The Korean Organ Transplantation Registry (KOTRY): First official kidney transplantation report
Tai Yeon Koo1, Jong Cheol Jeong2, Yeon Ho Park3, Sung Kwang Park4, Su Hyung Lee5, Jaeseok Yang6, Curie Ahn7.
1Department of Internal Medicine, Seongnam Citizens Medical Center, Gyeonggi-do, Korea; 2Department of Internal Medicine, Seoul National University Bundang Hospital, Gyeonggi-do, Korea; 3Department of Surgery, Gachon University Gil Medical Center, Incheon, Korea; 4Department of Internal Medicine, Chonbuk National University Hospital, Jeollabuk-do, Korea; 5Department of Surgery, Ajou University School of Medicine, Suwon, Korea; 6Transplantation Center, Seoul National University Hospital, Seoul, Korea; 7Department of Internal Medicine, Seoul National University Hospital, Seoul, Korea
Korean Organ Transplantation Registry Study Group.
Korean Organ Transplantation Registry (KOTRY), a first prospective-deigned national transplantation registry in Korea, was launched in 2014. This is an initial report on the status of patients received kidney transplants over the past 4 years.
A total of 4839 kidney transplants (KTs) from 32 transplant centers were collected from April 2014 to December 2018. Among these, 3039 patients received kidneys from living donors, and 1800 patients received kidneys from deceased donors. We analyzed baseline characteristics of recipients and donors, and short-term post-transplantation outcomes.
Among 4839 KTs, 3039 patients (62.8%) received kidneys from living donors (LDs), and 1800 patients (37.2%) received kidneys from deceased donors (DDs). The average recipient age was 48 years; there were 1774 (58.4%) male recipients. The mean age of patients undergoing LD kidney transplantation was 4 years younger than that of patients undergoing DD kidney transplantation. Even though glomerulonephritis was the most common cause of end-stage renal disease (33.3%), the number of diabetic nephropathy was increasing. At the time of transplantation, 10.9% and 29.8% of KTs had cardiovascular disease and diabetes, respectively. The average donor age was 47 years; there was 2593 (53.6%) male donors. The mean age of LD was 2 years younger than that of DD. Expanded criteria donors (30.8%) were frequently used.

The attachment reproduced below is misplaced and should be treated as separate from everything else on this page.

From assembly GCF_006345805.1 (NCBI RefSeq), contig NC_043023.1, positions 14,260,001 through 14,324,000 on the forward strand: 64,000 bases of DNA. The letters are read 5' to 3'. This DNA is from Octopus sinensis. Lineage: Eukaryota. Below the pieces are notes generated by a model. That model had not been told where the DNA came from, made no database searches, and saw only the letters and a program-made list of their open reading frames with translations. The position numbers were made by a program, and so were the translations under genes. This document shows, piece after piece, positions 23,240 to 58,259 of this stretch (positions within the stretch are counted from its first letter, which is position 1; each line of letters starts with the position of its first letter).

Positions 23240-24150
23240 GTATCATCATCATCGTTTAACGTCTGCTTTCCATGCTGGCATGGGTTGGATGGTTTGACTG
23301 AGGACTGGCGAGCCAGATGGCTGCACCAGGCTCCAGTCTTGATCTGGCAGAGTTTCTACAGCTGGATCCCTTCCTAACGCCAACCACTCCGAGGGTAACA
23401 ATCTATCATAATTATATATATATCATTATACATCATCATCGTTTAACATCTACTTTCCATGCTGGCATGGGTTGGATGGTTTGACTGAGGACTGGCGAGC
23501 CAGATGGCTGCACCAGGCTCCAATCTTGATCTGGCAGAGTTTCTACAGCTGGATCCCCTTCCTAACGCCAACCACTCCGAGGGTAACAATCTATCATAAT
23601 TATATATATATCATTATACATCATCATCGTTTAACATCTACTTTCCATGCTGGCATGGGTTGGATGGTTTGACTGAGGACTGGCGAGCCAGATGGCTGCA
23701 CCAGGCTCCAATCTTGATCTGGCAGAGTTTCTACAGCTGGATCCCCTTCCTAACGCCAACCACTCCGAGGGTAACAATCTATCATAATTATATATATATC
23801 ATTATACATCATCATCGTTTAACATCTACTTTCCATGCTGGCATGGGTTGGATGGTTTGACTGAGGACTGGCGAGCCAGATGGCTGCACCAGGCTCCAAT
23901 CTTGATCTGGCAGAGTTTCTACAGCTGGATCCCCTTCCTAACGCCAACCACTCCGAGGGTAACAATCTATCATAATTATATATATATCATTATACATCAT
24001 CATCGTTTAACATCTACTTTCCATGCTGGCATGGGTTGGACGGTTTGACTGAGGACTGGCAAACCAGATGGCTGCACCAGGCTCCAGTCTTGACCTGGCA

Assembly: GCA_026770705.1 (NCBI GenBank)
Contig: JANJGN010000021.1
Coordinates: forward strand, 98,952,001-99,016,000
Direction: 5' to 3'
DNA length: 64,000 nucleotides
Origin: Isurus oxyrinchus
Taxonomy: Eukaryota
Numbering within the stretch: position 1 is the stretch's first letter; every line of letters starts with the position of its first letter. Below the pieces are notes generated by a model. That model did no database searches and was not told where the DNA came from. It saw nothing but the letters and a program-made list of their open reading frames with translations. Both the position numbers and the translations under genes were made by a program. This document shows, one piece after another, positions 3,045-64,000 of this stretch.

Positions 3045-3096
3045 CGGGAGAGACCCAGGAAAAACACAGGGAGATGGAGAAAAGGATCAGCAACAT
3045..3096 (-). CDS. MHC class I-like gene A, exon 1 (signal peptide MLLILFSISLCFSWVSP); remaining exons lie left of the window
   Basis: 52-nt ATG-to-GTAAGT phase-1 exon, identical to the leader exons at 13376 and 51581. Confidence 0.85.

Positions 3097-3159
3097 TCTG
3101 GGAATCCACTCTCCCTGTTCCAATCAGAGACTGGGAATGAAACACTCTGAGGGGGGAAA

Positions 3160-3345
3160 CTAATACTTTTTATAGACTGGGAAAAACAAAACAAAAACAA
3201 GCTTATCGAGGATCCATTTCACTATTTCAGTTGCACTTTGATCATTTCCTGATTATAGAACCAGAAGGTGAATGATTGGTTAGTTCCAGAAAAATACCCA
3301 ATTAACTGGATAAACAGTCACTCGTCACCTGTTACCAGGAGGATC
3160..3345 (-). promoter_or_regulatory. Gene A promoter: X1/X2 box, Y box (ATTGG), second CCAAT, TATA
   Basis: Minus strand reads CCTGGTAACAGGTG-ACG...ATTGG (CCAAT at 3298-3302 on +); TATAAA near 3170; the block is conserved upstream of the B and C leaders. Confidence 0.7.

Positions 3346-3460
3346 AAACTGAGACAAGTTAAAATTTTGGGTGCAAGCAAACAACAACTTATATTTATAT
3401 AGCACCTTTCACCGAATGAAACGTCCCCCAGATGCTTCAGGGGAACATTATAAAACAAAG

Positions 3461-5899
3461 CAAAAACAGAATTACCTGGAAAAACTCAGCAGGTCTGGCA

During follow-up period, new-onset cardiac events and NODAT were identified in 9.4% and 8.4% of the recipients, respectively. The overall 1- and 4-year patient survival rates were 98.4% and 96.9%, respectively. During the follow-up period, 84 KTs died, and the most common cause of death was infection (47.6%). The overall 1- and 4-year graft survival rates were 97.1% and 93.0%, respectively, and the most common cause of graft loss was rejection (43.5%). The overall 1- and 4-year rejection-free survival rates were 81.8% and 72.2%, respectively. In multivariate analysis, older recipients, history of cardiovascular disease, an increasing number of HLA mismatch, bortezomib induction, cyclosporine use at discharge, no anti-metabolite at discharge, an increase serum creatinine at discharge, and long cold ischemic time were significantly associated with death after transplantation. And no anti-metabolite at discharge, an increase serum creatinine at discharge and long cold ischemic time were significantly associated with graft loss after transplantation.
With the establishment of KOTRY, it is possible to present the first nationwide epidemiological data of Korean kidney transplantation. KOTRY will provide better understanding regarding nationwide epidemiological data for kidney transplantation in Korea.
Novartis Korea, Ltd.. Research of Korea Centers for Disease Control and Prevention (2014-ER6301-00, 2014-ER6301-01, 2014-ER6301-02, 2017-ER6301-00, 2017-ER6301-01).
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